Kimberly Bryant was a freshman in college studying Electrical Engineering when she developed an interest in computer coding. As she and her fellow classmates pursued higher education, however, she noticed that there weren't many people in her classes that looked like her.
There is still an overwhelming absence of Black faces in fields such as math, science, and technology, so Bryant founded Black Girls Code, a non-profit, to "provide young and pre-teen girls of color opportunities to learn in-demand skills in technology and computer programming at a time when they are naturally thinking about what they want to be when they grow up."
Girl power, amiright?!
As Black Girls Code has developed and made waves from coast to coast—even to the White House—there are plenty of celebrities, politicians, and companies who want to partner with or join forces with Bryant and her team.
Recently, Uber expressed an interest in working with BGC by offering them a $125,000 grant. The donation was all apart of Uber's $3 million attempt to clean up their reputation of being a greedy corporation who ignores sexual harassment allegations.
Back in February of this year, Uber employee Susan Fowler went public and aired out the company's dirty little secrets (according to her). She said that her supervisor made sexual advances toward her, telling her that he and his girlfriend were in an open relationship. Fowler reported him to Human Resources but he was let off with a warning because he was a respected employee. She also wrote in her lengthy blog post that when the company purchased leather jackets for her team, 120 men received theirs, but six women, including Fowler, didn't. Uber said because the women's sizes couldn't be included in the bulk order, they would be left out.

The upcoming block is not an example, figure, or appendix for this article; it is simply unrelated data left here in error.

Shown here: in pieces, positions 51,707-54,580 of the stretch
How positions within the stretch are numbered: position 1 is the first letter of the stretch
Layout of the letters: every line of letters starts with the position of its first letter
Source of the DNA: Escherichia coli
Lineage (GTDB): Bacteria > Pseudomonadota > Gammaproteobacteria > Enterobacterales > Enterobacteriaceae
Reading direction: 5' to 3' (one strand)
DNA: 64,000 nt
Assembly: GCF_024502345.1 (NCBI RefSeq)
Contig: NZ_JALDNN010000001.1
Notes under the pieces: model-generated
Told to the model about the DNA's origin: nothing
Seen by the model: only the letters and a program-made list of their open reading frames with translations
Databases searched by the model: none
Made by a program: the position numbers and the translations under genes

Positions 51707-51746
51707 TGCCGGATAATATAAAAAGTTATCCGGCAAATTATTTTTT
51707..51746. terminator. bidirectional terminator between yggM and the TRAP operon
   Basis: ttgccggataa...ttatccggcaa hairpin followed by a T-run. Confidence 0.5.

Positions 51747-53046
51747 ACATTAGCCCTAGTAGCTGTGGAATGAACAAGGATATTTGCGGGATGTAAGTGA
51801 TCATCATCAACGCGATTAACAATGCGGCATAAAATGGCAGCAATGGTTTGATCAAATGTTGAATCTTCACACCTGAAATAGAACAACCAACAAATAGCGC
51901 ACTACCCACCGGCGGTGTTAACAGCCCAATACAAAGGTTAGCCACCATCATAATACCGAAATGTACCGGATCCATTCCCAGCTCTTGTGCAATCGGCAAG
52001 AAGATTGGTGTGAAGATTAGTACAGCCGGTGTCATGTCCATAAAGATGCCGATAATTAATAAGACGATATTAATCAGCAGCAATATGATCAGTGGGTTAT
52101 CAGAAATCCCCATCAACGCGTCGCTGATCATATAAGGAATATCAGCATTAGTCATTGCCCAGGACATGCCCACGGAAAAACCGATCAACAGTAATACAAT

And Fowler came correct...she had screenshots and emails. Yep, ol' girl brought all the receipts, but still no one was disciplined.
With all of the sexist drama allegations going on in Uber's workplace, Bryant decided that as nice as $125,000 of Uber's money looks, BGC wasn't going to take it.
“My decision is layered,” Bryant told TechCrunch. “I’ve been quite open for some time about the fact that we as an [organization] use Uber as a tool. We’re also headquartered in the city [Oakland] where they have planned to move. So I’ve been open to the notion that they can transform themselves. Yet their past history and ‘political’ nature of maneuvering is and was troubling.”
In this effort to show the world that they care about women, technology, and diversity, Uber has offered money to other non-profits, such as Girls Who Code. Yet, unlike Black Girls Code who were offered $125,000, Uber offered Girls Who Code $1.2 million.
Bryant and others felt some type of way about the disparity, but she wasn't surprised because Uber doesn't really invest in Oakland companies. She accused them of using the BGC for PR purposes and not because they truly care about young people of color.
“[It] seems a bit tone-deaf to really addressing real change in how they are moving towards both inclusion and equity. It appears to be more PR driven than actually focused on real change. So we turned it down.”
Do you think that if Bryant would have taken the money people would have thought she was a sellout? Or should she have just taken it and moved on?